Published Date 3/8/12 9:13 PM
Have you always wondered why IMC sites have the horrendous go away this site is dangerous message in most web browsers. Its because of this:
—– START Explanation from ****, **** —–
Security is a two-way street. When I go to a web site I have to prove to the web site that it’s really me before the web site gives me access to anything private or restricted (such as access to my email). The most common way that is done is via a login in which I provide a username and a password. Because I supply the correct password, the server knows it really is me, because I’m the only one who knows my password.
But how do I know that the server I’m going to really is the server I want to go to? Just because I type https://docs.indymedia.org/ into my browser, doesn’t mean that the server really is the Indymedia server that I think it is. Any number of things can happen via the Internet between my computer and the server I’m connecting to that might fool my computer into thinking I’m connecting to docs.indymedia.org when in fact I’m connecting to someone else’s server specifically setup to look like the Indymedia server. If that were to happen, I might type in my username and password on this stranger’s server that is acting like docs.indymedia.org, essentially handing over my identity to a stranger.
The purpose of security certificates is to ensure that the site I’m connecting to really is the one run by Indymedia.
Unfortunately, the technology for setting up this system is fundamentally flawed. It works like this:
* most major browsers, even free/open source ones like Firefox, are pre-configured to trust a pre-defined set of for-profit corporations to verify the identity of all web sites on the Internet.
* web site maintainers are expected to pay $75 or so to these corporations in exchange for a digital certificate verifying that we are who we say we are.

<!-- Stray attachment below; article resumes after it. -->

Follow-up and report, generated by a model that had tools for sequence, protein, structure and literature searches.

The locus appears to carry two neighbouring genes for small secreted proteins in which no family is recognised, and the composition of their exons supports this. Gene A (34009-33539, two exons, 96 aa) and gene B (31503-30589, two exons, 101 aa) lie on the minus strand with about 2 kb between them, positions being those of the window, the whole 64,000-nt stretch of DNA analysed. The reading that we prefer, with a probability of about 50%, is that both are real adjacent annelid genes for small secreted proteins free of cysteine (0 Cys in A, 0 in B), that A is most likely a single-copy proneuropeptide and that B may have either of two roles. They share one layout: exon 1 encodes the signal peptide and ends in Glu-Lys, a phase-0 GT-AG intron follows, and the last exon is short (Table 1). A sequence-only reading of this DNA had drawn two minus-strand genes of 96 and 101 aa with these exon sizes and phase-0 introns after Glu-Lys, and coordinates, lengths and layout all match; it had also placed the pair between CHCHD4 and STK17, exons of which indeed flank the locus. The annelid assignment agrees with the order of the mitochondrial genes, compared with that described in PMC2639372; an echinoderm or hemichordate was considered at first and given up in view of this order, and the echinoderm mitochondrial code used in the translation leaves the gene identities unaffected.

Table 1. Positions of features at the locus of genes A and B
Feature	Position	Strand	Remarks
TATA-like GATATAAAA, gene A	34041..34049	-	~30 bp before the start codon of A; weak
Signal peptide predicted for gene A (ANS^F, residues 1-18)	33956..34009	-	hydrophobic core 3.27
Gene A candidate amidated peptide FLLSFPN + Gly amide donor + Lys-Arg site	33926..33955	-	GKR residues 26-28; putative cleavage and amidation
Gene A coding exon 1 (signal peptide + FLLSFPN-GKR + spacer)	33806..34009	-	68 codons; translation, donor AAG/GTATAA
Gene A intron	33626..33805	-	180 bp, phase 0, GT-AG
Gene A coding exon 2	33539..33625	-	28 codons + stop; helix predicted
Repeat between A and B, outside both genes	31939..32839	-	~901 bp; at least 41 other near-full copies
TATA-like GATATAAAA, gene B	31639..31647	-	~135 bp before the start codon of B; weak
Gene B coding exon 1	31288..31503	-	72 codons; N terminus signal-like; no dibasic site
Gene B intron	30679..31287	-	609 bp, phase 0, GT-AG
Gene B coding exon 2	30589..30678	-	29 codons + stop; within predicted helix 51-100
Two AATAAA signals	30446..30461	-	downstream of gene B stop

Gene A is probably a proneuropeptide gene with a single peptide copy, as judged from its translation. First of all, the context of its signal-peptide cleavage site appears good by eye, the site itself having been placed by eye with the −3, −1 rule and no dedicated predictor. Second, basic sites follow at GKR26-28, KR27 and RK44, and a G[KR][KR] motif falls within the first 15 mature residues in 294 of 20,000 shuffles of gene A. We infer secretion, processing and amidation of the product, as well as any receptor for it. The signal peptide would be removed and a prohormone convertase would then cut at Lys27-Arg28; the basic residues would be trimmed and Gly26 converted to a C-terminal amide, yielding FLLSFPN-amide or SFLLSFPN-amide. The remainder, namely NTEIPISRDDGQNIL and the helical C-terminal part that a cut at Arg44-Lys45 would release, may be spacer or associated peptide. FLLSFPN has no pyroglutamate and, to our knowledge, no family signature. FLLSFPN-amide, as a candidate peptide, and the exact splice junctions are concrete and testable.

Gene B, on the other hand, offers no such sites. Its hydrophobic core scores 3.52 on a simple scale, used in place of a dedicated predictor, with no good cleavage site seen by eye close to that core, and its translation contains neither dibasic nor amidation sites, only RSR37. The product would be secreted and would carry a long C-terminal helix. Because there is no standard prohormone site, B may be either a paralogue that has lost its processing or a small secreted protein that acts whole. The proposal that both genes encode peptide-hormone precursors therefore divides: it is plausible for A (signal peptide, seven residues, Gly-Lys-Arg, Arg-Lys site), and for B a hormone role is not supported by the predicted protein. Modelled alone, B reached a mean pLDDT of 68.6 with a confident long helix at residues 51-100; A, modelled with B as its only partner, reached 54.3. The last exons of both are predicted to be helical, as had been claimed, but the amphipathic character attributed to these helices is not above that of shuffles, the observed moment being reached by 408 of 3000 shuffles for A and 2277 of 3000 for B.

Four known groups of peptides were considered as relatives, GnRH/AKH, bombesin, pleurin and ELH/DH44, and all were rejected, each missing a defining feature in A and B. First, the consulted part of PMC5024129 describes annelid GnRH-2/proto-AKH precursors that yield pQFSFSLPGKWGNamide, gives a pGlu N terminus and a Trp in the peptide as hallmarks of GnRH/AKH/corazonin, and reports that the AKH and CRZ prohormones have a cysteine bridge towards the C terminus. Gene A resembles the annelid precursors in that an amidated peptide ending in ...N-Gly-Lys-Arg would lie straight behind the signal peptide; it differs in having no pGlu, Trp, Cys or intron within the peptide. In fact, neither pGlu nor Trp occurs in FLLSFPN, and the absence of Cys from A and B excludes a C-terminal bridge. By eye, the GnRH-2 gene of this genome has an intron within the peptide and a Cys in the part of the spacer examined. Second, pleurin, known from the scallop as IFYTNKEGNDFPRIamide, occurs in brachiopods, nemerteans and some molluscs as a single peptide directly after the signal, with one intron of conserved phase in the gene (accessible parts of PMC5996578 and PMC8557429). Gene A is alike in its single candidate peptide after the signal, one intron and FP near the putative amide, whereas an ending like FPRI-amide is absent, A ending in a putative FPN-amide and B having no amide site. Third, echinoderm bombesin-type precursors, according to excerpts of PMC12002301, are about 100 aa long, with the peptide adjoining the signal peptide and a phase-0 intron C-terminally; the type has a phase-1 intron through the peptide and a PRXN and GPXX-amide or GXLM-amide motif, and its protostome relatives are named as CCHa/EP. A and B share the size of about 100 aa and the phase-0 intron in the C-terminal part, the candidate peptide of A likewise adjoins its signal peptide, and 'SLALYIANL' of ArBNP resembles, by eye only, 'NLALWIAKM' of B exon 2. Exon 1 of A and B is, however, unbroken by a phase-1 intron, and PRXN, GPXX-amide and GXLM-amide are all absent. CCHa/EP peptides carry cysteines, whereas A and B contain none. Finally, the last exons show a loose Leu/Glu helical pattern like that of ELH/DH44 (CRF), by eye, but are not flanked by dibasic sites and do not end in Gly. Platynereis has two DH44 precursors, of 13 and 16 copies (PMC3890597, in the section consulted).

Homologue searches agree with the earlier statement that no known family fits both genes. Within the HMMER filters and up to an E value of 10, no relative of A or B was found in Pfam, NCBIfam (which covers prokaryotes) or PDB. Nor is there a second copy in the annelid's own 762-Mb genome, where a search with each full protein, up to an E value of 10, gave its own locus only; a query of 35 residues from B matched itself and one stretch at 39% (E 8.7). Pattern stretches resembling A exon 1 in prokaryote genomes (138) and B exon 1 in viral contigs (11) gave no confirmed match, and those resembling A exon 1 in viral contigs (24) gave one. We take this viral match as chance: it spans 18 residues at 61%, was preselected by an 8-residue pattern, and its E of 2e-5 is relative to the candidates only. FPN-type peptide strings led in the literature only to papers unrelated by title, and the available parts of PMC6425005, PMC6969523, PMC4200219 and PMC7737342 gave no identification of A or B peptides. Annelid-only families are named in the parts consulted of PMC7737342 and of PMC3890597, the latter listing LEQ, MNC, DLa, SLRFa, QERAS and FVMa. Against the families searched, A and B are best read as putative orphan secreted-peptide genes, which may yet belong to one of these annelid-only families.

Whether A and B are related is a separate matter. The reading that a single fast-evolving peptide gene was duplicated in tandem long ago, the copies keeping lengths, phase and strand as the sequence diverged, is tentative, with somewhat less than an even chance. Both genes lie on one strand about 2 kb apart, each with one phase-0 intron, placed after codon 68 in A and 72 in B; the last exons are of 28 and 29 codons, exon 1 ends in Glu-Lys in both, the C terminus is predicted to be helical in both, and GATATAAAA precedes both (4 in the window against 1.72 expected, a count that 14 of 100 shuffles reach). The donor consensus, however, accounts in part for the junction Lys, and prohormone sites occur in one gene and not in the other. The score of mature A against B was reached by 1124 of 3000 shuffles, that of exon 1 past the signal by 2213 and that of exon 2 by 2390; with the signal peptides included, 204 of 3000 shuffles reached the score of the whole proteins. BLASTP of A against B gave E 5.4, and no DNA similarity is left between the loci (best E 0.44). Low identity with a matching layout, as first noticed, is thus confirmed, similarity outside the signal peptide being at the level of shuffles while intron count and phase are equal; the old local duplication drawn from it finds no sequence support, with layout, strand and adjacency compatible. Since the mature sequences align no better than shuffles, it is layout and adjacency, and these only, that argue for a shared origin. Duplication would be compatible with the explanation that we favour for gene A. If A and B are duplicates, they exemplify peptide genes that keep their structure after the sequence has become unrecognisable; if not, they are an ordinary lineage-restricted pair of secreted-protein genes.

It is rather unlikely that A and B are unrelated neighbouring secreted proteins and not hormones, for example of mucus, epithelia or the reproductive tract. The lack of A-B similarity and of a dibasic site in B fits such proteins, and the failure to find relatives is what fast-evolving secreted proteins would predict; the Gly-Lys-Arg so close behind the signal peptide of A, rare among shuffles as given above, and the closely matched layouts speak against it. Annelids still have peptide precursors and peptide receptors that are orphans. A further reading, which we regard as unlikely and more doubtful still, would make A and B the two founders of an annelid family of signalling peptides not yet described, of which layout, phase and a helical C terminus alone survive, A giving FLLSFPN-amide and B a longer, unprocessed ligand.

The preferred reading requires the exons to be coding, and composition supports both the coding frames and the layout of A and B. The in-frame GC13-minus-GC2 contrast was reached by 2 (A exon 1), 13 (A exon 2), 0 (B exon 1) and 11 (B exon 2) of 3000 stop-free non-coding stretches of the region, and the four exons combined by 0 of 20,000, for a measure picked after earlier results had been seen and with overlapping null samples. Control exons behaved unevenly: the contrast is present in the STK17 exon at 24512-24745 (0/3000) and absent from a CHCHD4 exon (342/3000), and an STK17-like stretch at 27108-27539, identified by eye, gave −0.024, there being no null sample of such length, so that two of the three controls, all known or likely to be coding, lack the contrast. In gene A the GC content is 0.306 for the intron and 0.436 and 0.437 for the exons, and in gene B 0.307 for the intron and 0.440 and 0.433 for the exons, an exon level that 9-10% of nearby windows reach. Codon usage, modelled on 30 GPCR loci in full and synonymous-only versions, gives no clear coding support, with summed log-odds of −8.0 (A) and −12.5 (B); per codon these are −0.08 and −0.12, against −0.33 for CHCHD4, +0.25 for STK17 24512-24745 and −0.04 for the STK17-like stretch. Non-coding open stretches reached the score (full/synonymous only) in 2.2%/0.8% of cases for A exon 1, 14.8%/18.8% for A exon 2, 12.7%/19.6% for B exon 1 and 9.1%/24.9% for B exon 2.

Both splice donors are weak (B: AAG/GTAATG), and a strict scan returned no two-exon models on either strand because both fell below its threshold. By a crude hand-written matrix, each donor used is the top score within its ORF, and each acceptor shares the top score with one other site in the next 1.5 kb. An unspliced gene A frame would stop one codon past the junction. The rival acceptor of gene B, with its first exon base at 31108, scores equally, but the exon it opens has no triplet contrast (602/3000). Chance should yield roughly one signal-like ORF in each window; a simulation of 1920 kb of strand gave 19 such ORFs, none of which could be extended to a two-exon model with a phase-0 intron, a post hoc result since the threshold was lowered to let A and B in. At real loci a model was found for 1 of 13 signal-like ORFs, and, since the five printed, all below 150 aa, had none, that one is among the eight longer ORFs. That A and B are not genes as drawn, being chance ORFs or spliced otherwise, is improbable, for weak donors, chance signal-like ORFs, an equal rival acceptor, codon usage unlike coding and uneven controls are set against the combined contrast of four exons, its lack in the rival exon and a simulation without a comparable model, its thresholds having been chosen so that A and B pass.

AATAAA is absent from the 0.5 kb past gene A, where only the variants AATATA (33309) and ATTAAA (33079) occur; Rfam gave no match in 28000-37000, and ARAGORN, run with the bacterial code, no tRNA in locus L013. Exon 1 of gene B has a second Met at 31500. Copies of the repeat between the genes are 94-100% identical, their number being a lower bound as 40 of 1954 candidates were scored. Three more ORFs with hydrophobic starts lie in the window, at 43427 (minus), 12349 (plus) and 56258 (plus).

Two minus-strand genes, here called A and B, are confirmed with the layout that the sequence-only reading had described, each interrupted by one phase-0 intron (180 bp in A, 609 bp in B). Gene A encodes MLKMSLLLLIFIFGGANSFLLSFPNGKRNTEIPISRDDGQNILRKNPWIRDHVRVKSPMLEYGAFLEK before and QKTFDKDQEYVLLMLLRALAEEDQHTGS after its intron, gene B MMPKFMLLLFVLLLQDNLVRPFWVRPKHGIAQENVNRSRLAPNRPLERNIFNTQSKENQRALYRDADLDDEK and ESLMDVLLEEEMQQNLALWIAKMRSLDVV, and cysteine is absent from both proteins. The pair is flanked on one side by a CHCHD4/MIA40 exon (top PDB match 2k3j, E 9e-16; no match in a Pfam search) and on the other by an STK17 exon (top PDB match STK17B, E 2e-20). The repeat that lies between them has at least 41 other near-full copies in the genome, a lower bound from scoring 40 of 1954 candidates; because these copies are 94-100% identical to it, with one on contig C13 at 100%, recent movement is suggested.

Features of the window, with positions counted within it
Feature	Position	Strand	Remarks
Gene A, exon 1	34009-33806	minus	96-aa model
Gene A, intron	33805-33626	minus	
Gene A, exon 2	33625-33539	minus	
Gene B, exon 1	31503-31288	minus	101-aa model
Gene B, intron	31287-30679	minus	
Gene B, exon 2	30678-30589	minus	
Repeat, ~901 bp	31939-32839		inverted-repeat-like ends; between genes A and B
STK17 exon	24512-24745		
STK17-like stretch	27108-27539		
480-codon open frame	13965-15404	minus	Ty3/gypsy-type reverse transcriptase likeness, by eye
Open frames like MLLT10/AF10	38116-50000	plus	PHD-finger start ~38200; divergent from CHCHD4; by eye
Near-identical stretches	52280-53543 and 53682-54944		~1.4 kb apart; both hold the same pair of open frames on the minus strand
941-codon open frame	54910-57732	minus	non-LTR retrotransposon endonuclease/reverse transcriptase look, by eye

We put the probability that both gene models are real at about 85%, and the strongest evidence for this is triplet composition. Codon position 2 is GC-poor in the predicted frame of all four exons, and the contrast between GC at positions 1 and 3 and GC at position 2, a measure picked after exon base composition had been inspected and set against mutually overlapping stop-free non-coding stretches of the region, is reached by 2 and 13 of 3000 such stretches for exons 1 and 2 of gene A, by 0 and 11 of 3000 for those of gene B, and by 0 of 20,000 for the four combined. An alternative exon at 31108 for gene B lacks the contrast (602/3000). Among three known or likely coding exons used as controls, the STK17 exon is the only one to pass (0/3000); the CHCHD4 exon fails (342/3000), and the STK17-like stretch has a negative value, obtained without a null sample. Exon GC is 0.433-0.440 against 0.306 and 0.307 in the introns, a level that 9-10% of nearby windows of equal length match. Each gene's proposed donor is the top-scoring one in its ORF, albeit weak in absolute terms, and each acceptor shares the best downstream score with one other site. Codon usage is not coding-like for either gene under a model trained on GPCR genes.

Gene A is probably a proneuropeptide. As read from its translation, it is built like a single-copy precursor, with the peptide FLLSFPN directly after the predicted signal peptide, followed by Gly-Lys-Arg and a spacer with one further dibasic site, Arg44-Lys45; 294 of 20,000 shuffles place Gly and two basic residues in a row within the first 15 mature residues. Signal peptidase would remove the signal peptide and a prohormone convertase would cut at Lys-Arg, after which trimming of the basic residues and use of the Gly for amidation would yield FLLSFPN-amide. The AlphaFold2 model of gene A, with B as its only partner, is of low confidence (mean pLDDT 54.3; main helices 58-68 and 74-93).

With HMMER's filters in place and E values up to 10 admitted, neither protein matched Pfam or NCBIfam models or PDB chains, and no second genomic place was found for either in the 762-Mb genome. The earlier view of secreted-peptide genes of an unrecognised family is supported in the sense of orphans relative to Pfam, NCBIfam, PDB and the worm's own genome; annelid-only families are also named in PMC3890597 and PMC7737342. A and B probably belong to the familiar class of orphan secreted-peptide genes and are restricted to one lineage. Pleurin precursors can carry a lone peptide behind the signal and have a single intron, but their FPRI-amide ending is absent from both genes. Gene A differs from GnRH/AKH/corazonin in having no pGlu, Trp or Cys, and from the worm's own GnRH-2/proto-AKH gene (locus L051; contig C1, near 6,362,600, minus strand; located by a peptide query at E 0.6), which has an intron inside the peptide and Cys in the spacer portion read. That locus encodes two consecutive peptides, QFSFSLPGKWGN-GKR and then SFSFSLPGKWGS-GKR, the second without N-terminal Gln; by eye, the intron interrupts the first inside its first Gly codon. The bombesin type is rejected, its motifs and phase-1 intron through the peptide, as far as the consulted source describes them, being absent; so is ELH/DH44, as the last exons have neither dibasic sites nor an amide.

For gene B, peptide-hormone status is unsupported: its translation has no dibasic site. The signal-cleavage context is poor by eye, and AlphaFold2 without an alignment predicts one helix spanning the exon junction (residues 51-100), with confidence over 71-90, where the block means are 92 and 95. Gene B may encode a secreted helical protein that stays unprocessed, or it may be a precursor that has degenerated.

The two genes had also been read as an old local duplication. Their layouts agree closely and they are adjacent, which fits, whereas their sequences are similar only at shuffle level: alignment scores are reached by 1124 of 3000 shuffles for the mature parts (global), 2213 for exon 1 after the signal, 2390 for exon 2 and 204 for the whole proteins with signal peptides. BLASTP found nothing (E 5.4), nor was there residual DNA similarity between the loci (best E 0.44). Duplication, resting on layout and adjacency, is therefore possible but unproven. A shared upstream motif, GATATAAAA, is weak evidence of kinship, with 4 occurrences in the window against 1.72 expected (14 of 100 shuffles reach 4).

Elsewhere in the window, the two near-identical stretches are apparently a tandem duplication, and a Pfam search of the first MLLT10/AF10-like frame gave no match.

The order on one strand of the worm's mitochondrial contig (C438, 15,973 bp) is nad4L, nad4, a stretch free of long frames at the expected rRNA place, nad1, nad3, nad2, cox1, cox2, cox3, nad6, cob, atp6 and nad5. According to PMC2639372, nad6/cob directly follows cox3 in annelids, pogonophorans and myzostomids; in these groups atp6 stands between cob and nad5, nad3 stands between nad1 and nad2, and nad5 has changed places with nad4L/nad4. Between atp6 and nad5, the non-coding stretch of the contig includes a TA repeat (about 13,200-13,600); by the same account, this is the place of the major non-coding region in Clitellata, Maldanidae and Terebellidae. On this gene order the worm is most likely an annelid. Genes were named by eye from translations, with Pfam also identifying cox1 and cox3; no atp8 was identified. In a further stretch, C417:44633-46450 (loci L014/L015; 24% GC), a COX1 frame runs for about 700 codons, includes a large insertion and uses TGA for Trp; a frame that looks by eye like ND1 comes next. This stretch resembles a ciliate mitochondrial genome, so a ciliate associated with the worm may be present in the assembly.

* once this digital certificate is installed on the web server, browsers will access the secure web site without any errors.
If you don’t pay $75 for the certificate, then most people will get a security error. There’s a word for a setup like this. It’s called a “racket.”
Rather than play this racket, Indymedia uses cacert.org to sign it’s security certificates. cacert is a nonprofit organization that signs certificates for free. cacert is not pre-installed on most browsers, however, you can install it by following the directions here: http://wiki.cacert.org/BrowserClients If you install the cacert certificate, your browser will automatically trust all indymedia web sites that have been signed by cacert, so you will no longer get any error messages when you access them. However, in addition, your browser will trust *all* web sites signed by cacert (which could be a good thing or a bad thing depending on how cautious you are).
—– END Explanation —–
So, this addresses the “problem” that many of us experienced for many years. Its actually a nice opportunity for political education!
However, my understanding is that since last summer, even this explanation won’t completely address the problem with the global site… I consulted with a few people offlist before responding to this because I didn’t want to add to the confusion. It appears that our security certificate for the global server has explicitly been revoked – see: https://lists.indymedia.org/pipermail/imc-tech/2011-June/0602-g4.html It appears that this may have taken place in conjunction with the conflicts in the UK group. So, even if you import the cacert certificate to your browser (following the instructions below), you may still get a problem connecting to the site. I’m not sure if this means that we can never again have a viable certificate through cacert or whether we have to purchase one from the racket that **** refers to?
Hope this is helpful, ****